Dale Bailey

National Manager Review Services Northern Region

22 December 2014

The Purpose of ERO Reports

The Education Review Office (ERO) is the government department that, as part of its work, reviews early childhood services throughout Aotearoa New Zealand. ERO’s reports provide information for parents and communities about each service’s strengths and next steps for development. ERO’s bicultural evaluation framework Ngā Pou Here is described in SECTION 3 of this report. Early childhood services are partners in the review process and are expected to make use of the review findings to enhance children's wellbeing and learning.

2 Information about the Early Childhood Service


Glendowie, Auckland

Ministry of Education profile number


Licence type


Licensed under

Education (Early Childhood Services) Regulations 2008

Number licensed for

30 children, including up to 12 aged under 2

Service roll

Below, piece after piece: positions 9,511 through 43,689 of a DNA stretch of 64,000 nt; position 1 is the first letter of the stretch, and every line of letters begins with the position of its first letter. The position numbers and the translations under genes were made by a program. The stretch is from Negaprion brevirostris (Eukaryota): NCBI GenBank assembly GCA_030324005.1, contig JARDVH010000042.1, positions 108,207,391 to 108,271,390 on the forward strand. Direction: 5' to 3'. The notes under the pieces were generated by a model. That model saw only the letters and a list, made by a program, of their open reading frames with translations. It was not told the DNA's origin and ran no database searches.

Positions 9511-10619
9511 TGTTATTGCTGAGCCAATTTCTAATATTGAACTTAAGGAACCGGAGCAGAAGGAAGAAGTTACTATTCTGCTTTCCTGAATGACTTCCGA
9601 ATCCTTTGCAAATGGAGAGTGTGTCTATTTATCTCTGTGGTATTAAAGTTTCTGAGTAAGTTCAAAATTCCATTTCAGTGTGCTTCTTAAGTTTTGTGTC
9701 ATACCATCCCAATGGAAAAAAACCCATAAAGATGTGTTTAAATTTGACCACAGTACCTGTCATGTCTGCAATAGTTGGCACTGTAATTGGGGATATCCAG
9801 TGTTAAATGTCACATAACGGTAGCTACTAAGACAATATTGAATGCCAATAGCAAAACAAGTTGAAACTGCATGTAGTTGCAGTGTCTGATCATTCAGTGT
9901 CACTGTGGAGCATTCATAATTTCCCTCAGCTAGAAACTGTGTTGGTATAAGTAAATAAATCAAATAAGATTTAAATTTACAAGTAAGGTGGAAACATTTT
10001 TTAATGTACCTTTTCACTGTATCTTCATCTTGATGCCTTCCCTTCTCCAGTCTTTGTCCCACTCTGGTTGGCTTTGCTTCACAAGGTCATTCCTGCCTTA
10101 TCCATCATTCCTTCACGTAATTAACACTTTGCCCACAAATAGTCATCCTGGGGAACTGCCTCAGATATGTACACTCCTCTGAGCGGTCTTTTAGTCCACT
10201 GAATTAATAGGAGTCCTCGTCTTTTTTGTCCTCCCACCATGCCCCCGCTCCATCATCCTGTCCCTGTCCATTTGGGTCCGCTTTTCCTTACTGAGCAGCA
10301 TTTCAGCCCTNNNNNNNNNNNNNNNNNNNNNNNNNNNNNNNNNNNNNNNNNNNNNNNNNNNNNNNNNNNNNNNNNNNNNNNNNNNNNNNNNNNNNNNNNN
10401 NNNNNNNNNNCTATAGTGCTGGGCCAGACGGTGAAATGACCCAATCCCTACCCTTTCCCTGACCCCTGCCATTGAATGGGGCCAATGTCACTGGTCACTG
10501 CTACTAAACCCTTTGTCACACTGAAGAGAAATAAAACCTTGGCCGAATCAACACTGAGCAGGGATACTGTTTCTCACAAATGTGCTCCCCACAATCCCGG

Gender composition

Boys 31

Girls 20

Ethnic composition


NZ European/Pākehā



Other European








Reported ratios of staff to children

Under 2


Better than minimum requirements


Over 2


Better than minimum requirements

Review team on site

September 2014

Date of this report

22 December 2014

Most recent ERO report(s)

Education Review

February 2011


Education Review

September 2007


Education Review

June 2004

3 General Information about Early Childhood Reviews

ERO’s Evaluation Framework

ERO’s overarching question for an early childhood education review is ‘How well placed is this service to promote positive learning outcomes for children?’ ERO focuses on the following factors as described in the bicultural framework Ngā Pou Here:

  • Pou Whakahaere – how the service determines its vision, philosophy and direction to ensure positive outcomes for children
  • Pou Ārahi – how leadership is enacted to enhance positive outcomes for children